Japanese Culture Week

Object Lesson Series: Celebrating the 110th Anniversary of the Cherry Blossom Gift and U.S.-Japan Friendship
Wednesday through Friday, April 6-8, 7 to 8 p.m.
Virtual event.

A series of three evening presentations will be presented by Mari Nakahara and Katherine Blood, authors of the book “Cherry Blossom: Sakura Collections from the Library of Congress” and curators in the Prints & Photographs Division. These events will not be recorded.

April 6: Object Lesson: Exploring Cherry Blossom Varieties. How many varieties of cherry blossoms can you find in your neighborhood? How do you describe their colors?

Nakahara will offer a close-up exploration of exquisite watercolor illustrations of the 1912 gift of cherry blossom trees from the city of Tokyo to Washington, D.C. to increase your visual recognition of cherry blossoms each spring.
Registration required – Click below to register.

April 7: Object Lesson: One Man’s Life Dedicated to Peace. While the 1912 gift of cherry blossom trees from the city of Tokyo to Washington, D.Cis an enduring symbol of the U.S.–Japan friendship, former Japanese Ambassador Hirosi Saito also played an important role in our friendship in the 1930s.
Nakahara will introduce the Library’s collections related to Saito, along with his efforts to promote peace in the years before the outbreak of World War II. Saito’s granddaughter Tomiko Kagei will also join the conversation. 
Registration required – Click below to register.

April 8: Object Lesson: Seasonal Appreciations in Japanese Visual Art. Jewel-toned woodblocks from the Library’s Japanese print collection reflect recurring seasonal celebrations of springtime cherry blossoms, summer fireflies, bright autumn foliage, winter snow and more.

Blood will highlight 18th century to contemporary artwork, including related, recently acquired prints, drawings and posters.
Registration required – Click below to register.

Japanese Culture Day

Saturday, April 9, 10 a.m. to 3 p.m.

Thomas Jefferson Building, 10 First St., SE, Washington, D.C.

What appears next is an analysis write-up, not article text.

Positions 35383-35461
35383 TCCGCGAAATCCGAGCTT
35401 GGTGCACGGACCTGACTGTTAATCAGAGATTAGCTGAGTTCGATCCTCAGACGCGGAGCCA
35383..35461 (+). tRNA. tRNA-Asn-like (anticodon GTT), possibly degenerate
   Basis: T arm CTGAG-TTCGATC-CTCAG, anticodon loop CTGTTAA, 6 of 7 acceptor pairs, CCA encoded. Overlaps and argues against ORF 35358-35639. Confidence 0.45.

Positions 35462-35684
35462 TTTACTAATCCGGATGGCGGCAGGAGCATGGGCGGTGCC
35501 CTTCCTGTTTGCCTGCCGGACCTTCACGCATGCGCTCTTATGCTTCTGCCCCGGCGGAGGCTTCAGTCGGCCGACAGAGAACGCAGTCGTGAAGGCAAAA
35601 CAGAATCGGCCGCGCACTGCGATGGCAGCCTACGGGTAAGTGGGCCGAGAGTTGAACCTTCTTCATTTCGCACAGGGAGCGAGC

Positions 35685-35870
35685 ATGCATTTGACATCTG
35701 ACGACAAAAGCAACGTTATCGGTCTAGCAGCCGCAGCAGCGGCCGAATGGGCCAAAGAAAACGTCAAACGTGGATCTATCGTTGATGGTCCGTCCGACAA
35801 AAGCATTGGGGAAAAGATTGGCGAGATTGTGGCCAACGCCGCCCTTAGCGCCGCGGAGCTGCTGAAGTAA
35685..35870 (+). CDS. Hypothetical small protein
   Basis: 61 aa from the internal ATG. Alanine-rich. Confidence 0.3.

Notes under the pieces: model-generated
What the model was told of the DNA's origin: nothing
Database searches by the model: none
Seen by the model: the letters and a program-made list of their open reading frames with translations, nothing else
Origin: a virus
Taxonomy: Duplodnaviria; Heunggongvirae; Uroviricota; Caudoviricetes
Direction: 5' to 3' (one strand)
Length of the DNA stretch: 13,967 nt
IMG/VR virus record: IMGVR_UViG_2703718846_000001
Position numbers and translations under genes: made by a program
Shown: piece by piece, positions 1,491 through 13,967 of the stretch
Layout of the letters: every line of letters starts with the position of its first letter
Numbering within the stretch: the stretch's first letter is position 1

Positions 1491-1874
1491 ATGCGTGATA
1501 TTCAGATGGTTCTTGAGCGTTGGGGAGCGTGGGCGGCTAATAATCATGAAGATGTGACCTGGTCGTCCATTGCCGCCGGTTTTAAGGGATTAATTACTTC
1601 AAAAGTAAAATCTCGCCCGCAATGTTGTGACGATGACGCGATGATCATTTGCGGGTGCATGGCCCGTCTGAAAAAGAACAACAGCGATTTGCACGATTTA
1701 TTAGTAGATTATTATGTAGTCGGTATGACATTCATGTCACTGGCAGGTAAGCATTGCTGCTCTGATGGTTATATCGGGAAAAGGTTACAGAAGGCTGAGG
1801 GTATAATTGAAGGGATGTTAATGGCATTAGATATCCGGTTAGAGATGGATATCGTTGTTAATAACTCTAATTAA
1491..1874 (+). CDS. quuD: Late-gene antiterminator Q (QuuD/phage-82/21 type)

Time entry reservations are required. Click here to register.

Children of all ages, families and teachers can learn about Japanese culture through reading, writing and craft-making with Japanese cultural and linguistic professionals during the Library’s Japanese Culture day. Books related to Japan and Japanese culture will also be on display. Special highlights include a Japanese drum presentation by Miyako Taiko led by Mark Rooney and a karate demonstration by Tsuyoshi Takemori from D.C. Yamato-juku Club.

Drum Presentation: Outside – Neptune Plaza (west side of the Jefferson Building) if weather allows; Coolidge Auditorium in case of rain. Four performances will be presented at 10:30 a.m., 11:30 a.m., 1 p.m. and 2 p.m. Rooney will also introduce the history of the Miyako Taiko and answer questions.

Karate Demonstration: Mezzanine level of the Great Hall, Jefferson Building. Three demonstrations will be provided at 11 a.m., 12:30 p.m., and 1:30 p.m. Visitors may have opportunities to practice a basic Kata (form).

Other activities include:

  • Display and introduction of Library collections related to cherry blossoms and Japanese culture
  • Hands-on lessons about origami artwork creation
  • Kamishibai (Japanese storytelling)
  • Decorative Koinobori and Japanese woodblock print colori


What began with a gift in 1912 at the Tidal Basin is now a four-week extravaganza spanning Washington, DC, and neighboring communities in Maryland and Virginia. Click the filters on our interactive map to see all that the Festival has to offer and craft a tailored experience as you Rediscover Spring. From exciting events to convenient hotels, delectable Cherry Picks restaurants to vibrant Art in Bloom installations, and a jaw-dropping City in Bloom to joyful Petal Porches, see the Washington, DC area as you can only see it once a year!